The waits are often around five years long, depending in part on which country the applicant is from. (Per-country limits apply, and demand tends to be particularly high from India, Mexico, China, and the Philippines.)
You must wait for your priority date to become current before you can take the next step and apply for your immigrant visa and green card under this category. (Learn to track the progress of your priority date.) Then, like people who are married to U.S. citizens, you will probably have to get through some months' more worth of application processing.
Unlike spouses of U.S. citizens, immigrants married to permanent residents, even if they entered the U.S. legally, will not qualify after an overstay to use the "adjustment of status" procedure and file all paperwork with USCIS, never having to deal with a U.S. consulate at all.
With rare exceptions, the immigrating spouse will need to leave the U.S. for a visa interview at a U.S. consulate (called "consular processing"); and possibly face three or ten years of inadmissibility barring return, as described in Consequences of Overstaying on a Temporary U.S. Visa.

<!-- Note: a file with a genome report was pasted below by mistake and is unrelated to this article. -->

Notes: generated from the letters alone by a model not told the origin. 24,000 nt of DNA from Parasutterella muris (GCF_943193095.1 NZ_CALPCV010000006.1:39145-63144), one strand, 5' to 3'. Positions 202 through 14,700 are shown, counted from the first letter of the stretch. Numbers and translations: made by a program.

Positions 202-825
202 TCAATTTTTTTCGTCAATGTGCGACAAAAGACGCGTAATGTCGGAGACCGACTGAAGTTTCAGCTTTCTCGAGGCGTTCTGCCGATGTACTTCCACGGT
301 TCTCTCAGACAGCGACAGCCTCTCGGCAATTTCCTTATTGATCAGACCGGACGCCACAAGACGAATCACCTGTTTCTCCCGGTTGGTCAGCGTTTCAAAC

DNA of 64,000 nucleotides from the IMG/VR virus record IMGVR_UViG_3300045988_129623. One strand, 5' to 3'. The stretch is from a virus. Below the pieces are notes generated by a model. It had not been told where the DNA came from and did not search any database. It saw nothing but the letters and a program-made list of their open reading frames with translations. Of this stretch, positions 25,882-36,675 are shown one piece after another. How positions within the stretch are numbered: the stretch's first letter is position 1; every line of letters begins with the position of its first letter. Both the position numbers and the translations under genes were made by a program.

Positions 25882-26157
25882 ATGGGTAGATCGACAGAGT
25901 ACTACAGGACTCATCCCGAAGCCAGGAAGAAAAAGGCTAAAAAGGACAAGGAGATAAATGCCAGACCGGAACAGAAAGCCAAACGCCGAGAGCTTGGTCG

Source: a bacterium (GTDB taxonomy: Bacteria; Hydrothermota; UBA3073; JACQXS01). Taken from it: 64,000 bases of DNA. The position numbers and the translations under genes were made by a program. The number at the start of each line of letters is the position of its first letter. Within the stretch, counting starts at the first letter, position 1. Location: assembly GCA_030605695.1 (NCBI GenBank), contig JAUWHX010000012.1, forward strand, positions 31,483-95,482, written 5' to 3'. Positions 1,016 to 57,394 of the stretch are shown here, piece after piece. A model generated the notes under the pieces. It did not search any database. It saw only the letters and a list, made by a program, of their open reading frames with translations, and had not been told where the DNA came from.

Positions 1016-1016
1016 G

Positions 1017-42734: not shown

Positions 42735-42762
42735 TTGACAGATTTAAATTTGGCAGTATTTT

One benefit of F2A applicants sometimes spending years on a waiting list is that, if two years have passed since the wedding when they're finally approved for U.S. residence, it's likely to be permanent, not conditional residence. They won't need to go back to USCIS in two years with another application proving the marriage is ongoing in order to become permanent residents.
Given all these factors, it would probably be beneficial for the permanent resident spouse of a would-be immigrant to look into applying for U.S. citizenship as soon as eligible. More information on this can be found in Steps to Become an American Citizen.
If you're looking to get a family-based green card, you might want to talk to an attorney to find out if they can help with the process. Hiring an attorney to help with the petition process adds legal fees, but a professional may help to expedite your case and avoid any legal problems.